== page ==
University Responds, Countersues in Pearson Lawsuit

The University alleges that the Pearsons’ refusal to pay a $13 million installment due on June 30, 2017 amounted to defaulting on the grant agreement.


UChicago News Office

After announcing the Pearson family gift, a panel including (from left) then-Harris Dean Daniel Diermeier, Thomas L. Pearson, President Robert Zimmer, Timothy R. Pearson, and Council on Foreign Relations President Richard Haass participated in a Q&A.

By Spencer Dembner

In an official response filed on Thursday, the University denied effectively all of the Pearson family’s allegations in their ongoing lawsuit against the University. This is the latest development in an ongoing dispute over Thomas and Timothy Pearson’s $100 million donation to create an institute to study global conflicts at the Harris School. The Pearsons claim that the University has mismanaged the institute, which was announced in 2015.

In its response, the University said it is in full compliance with its grant agreement and claimed the Pearsons consented to many of the actions their complaint cites.

The University also countersued the Pearsons, alleging that their refusal to pay a $13 million installment due on June 30, 2017 amounted to defaulting on the agreement.

The April 2015 grant agreement, included as evidence by both sides, provides a rare glimpse into the conditions attached to large university gifts.

Six pages of the agreement cover plans for the gift’s announcement event in September 2015, including a maximum budget of up to $1 million, paid using the University’s own funds. A hypothetical list of potential panelists for the event includes Henry Kissinger, Tony Blair, Steven Spielberg, and Elie Wiesel, who passed away in 2016.

Another section details international news outlets to be contacted about the event, including Al Jazeera, Le Monde, Sky TV, and Reuters. The agreement details plans to give a New York Times reporter advance notice of the event in order to secure coverage.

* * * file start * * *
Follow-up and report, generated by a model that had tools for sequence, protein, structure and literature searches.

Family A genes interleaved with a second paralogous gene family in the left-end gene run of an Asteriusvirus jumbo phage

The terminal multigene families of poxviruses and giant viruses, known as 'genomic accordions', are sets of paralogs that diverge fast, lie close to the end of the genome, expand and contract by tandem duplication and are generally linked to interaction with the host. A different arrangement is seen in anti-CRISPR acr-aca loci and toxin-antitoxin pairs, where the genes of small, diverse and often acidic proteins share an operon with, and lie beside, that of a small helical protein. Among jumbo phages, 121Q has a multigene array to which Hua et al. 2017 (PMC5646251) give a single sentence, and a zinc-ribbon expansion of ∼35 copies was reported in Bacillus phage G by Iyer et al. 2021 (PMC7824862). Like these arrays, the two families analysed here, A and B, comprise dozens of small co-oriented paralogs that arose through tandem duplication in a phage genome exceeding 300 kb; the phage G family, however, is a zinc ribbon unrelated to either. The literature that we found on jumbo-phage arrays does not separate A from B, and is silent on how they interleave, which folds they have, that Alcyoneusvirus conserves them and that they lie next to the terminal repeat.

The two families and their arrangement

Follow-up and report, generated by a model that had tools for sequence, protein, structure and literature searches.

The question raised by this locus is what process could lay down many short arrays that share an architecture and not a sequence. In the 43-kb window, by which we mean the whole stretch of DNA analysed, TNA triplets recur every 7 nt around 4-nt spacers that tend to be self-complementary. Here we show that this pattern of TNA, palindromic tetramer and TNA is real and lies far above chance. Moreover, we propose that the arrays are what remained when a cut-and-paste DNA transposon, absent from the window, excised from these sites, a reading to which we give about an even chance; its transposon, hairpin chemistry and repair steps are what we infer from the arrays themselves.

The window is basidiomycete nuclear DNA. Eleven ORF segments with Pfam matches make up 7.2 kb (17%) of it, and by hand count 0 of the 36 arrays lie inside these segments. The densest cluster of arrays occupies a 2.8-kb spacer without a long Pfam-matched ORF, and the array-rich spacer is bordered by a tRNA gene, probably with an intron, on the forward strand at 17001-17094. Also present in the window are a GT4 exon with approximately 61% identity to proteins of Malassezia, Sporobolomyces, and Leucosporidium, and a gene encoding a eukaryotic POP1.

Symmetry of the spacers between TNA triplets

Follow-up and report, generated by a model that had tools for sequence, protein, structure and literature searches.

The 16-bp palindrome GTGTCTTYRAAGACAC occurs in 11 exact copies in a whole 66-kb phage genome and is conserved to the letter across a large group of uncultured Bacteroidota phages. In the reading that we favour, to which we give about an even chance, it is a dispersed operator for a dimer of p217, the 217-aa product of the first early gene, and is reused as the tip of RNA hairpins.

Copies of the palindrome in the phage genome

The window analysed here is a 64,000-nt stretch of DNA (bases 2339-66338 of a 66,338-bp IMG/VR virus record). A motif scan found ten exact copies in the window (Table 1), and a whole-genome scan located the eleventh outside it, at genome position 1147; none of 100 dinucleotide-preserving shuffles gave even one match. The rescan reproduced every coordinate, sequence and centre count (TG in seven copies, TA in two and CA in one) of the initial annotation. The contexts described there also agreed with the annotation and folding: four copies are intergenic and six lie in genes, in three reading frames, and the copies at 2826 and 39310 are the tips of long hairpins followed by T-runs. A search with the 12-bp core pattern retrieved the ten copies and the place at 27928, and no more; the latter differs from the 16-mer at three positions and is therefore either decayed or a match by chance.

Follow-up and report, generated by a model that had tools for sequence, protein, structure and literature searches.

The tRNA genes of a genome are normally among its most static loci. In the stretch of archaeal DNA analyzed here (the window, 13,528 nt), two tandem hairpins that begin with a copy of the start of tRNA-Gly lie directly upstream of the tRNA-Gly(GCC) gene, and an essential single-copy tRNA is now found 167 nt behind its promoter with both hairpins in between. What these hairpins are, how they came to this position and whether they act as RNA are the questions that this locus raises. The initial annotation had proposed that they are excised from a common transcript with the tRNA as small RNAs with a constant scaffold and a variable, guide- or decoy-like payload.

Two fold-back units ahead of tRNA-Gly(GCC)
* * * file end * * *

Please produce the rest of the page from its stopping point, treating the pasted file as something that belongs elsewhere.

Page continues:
“Exclusive outreach to the New York Times has proven an effective strategy for generating broad interest in several previous major University announcements,” the agreement says. “The University will pitch early access of the announcement to Tamar Lewin at the New York Times, which can include the possibility of advance interviews.”

On the merits, the Pearsons’ case may come down to whether the University was in default as of June 2017. That was when the Pearsons refused to make a $13 million payment by its agreed deadline, and told the University that it had breached the contract by failing to hire an institute director or create a satisfactory budget.

The Pearsons’ complaint includes other alleged violations, such as hiring insufficiently qualified faculty and the University’s refusal to host the Pearson Global Forum by its original planned date, which is this October. But if the Pearsons are unable to prove the University was already in default by June 2017, their refusal to pay could provide legal cover for any grant obligations the University did not fulfill afterward.

One key question is whether the University appointed an appropriate director for the Institute. The Pearsons claim that professor James Robinson, who runs the Institute, is a 'faculty director,' whose research and teaching obligations prevent him from managing administrative operations. They say the University was obligated to hire a separate institute director who would handle those responsibilities.

The University claims that the institute director and faculty director were always understood to be the same. The grant agreement uses both "faculty director" and "institute director" to refer to the same person. In addition, it says the director should hold the Reverend Dr. Richard L. Pearson Professorship, the chair which Robinson occupies.

If the University wins its countersuit, it’s not clear what the consequences would be for the Pearson Institute, although the University has expressed commitment to continuing its work. According to internal University communications from last summer, the University believes that a default by the Pearsons absolves it from any obligation to sustain the Institute with University funds and entitles it to remove the Pearson name.

In a statement, University spokesperson Jeremy Manier reaffirmed the University’s commitment to uphold the grant agreement.

“As detailed in the April 5 filings, the Foundation’s claims are meritless,” Manier said. “The University has met and continues to meet its obligations under the Grant Agreement.  The University is proud of the faculty, students, staff, and research-based scholarship of the Institute and is continuing that excellent work while we uphold the principle of academic freedom.”

Pearson Family Foundation v. University of Chicago UChicago Response by Chicago Maroon on Scribd

Pearson Family Foundation v. University of Chicago Counterclaim by Chicago Maroon on Scribd

University of Chicago Grant Agreement with Pearson Family by Chicago Maroon on Scribd